The process behind dental implants

You will be invited to an initial consultation where you can discuss your bespoke treatment plan with your dentist. We treat each patient’s case individually and know that everyone’s needs differ. Your treatment and appointments will be designed to fit in with your schedule and desires as much as possible.

The components of dental implants explained:

  • Implant – the Implant is the part that acts as a substitute for your gum, NOT the tooth-like part that goes on top.
  • Abutment – this is used to fix the implant and the restoration (the tooth-like part) together.
  • Restoration – This is a synonym for a crown or denture, or whatever you choose to be your ‘tooth’.
  • Crown – a tooth-shaped cap that is used to cover the implant – a type of restoration.
  • Denture – removable replacement for teeth that are missing – a type of restoration for implants.

Your implantologist here at Paul Lowe will administer a local anaesthetic to numb the area so that the procedure is pain-free. You will also have the choice of sedation.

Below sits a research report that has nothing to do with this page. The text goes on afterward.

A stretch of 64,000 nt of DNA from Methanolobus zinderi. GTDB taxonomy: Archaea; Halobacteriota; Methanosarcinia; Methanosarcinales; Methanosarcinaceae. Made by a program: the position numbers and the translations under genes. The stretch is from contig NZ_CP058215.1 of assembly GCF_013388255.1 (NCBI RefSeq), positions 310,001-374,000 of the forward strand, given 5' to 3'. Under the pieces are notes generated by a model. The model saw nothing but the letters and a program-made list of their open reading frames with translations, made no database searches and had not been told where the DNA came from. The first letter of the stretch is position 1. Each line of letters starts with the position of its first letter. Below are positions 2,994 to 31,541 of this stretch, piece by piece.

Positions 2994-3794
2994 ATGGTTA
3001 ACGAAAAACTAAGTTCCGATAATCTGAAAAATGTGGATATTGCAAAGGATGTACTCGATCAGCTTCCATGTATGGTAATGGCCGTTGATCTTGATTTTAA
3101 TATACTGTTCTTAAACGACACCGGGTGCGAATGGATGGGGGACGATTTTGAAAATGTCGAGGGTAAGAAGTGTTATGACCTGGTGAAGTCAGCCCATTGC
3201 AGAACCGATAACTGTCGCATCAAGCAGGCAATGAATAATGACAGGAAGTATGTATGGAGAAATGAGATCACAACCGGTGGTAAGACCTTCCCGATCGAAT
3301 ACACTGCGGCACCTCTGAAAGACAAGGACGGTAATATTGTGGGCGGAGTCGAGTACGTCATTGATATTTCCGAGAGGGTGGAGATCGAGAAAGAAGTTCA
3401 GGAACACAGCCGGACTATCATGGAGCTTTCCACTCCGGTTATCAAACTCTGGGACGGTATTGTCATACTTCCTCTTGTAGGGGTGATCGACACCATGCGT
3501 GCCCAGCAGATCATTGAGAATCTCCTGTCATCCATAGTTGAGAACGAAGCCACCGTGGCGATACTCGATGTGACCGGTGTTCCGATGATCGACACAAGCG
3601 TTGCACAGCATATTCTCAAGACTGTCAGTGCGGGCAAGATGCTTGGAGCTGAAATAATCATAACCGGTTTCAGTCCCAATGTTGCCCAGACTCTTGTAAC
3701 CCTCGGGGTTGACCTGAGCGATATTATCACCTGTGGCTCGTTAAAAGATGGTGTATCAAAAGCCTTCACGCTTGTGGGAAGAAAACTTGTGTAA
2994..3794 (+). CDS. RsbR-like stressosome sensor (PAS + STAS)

Once the area is numb, the implantologist will make a small incision in your gum so that the implant can be placed. Following this some special drills will be used to make a hole for the implant and this titanium post will be screwed into the bone.

The implant will need time to fuse with the bone – essentially to become a part of your body! The rejection rate is very low with implants.

Once the implant has fused, the restoration can be placed on top.

In some cases a screw is placed instead of a healing abutment, covered completely by the gum during the healing phase. This is otherwise known as two-stage implant surgery and occurs when a bone graft has been performed (see below).

Am I eligible for dental implants?

In some cases, certain patients do not have sufficient bone strength to undergo treatment for dental implants. When this occurs, patients can undergo bone grafting

Caring for your implant

You can care for your implant in the same way that you might care for natural teeth. As they are the next best thing to a natural tooth, they should be looked after in an organise way. That is, brushing twice a day for 2 minutes each time, attending regular check-ups with your dentsits and dental hygeinst. Use mouthwash that contains fluoride as this helps wash away bacteria that clings in your mouth and teeth.

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